Mothers everywhere warn children not to put any food in their mouths unless they know where it came from. The same should apply to putting information in our heads.
For instance, the Employment Policies Institute has recently run full-page newspaper ads alerting the public and policymakers that an impressive group of some 650 economists who are supporting an increase in America's minimum wage includes many who are "radical researchers." The institute's message is that no one should listen to, much less respect, this group of economists.
But wait – "many" in the group are radical? How many? The ads only list eight and offer only innuendo as "proof" of their radicalism.
And, by the way, what and who is the Employment Policies Institute? Sounds legit, but is it? Not at all. It's a nonprofit front group run by longtime corporate operative Richard Berman. It gets millions of dollars in tax-exempt donations from fast-food chains and other corporate interests trying to kill the wage increase, then funnels that money into Berman's for-profit PR firm, which also represents the restaurant industry.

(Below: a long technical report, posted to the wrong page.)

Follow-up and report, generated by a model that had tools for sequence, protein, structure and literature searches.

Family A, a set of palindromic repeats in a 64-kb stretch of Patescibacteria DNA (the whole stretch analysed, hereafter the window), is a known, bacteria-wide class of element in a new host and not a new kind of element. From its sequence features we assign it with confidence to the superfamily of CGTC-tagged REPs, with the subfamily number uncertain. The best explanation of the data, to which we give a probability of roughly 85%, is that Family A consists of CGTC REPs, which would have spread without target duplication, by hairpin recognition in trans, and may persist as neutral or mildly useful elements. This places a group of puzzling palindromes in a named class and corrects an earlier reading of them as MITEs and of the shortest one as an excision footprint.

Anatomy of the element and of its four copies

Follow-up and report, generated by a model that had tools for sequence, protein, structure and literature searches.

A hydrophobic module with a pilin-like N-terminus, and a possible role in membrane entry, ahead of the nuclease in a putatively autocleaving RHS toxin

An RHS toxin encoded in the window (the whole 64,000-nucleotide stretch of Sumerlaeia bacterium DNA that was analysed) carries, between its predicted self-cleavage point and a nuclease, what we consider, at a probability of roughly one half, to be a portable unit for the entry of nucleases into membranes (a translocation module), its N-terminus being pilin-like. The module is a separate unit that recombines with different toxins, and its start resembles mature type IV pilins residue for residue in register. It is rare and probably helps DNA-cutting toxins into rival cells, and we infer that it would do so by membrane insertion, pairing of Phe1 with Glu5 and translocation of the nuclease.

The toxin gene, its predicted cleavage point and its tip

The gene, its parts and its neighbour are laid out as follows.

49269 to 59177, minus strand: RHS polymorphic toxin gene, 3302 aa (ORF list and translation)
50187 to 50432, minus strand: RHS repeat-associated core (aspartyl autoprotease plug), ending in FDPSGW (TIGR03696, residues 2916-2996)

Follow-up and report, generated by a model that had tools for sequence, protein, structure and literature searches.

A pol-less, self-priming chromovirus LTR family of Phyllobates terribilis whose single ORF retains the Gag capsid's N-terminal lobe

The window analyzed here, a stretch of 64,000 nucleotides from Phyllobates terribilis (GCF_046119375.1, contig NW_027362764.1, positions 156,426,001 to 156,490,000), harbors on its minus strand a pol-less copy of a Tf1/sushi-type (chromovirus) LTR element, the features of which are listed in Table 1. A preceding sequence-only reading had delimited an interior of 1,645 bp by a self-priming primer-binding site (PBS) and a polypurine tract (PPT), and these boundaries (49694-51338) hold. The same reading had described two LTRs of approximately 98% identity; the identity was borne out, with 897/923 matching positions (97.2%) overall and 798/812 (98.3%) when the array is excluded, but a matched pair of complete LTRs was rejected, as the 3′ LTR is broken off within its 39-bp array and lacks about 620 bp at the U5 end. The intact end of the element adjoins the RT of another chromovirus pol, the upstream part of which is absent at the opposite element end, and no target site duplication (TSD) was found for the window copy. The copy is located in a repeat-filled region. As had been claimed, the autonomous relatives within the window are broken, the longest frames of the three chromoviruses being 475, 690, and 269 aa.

To make its case, the institute has cited several "academic" reports that assail the wage increase on multiple fronts. But, just as Berman refuses to disclose the names of the corporate giants funding him, he also never mentions that more than half of the economists whose papers he cites are paid by him. One, Joseph Sabia, has been given a quarter-million dollars in eight grants from Berman's institute. In addition, an independent analysis of one of Sabia's reports found that the data was skewed to make it seem that a New York wage hike had a negative impact on employment, which simply was not true.
This phony institute is a scam and a scandal – so momma says don't put any of its stuff in your head.
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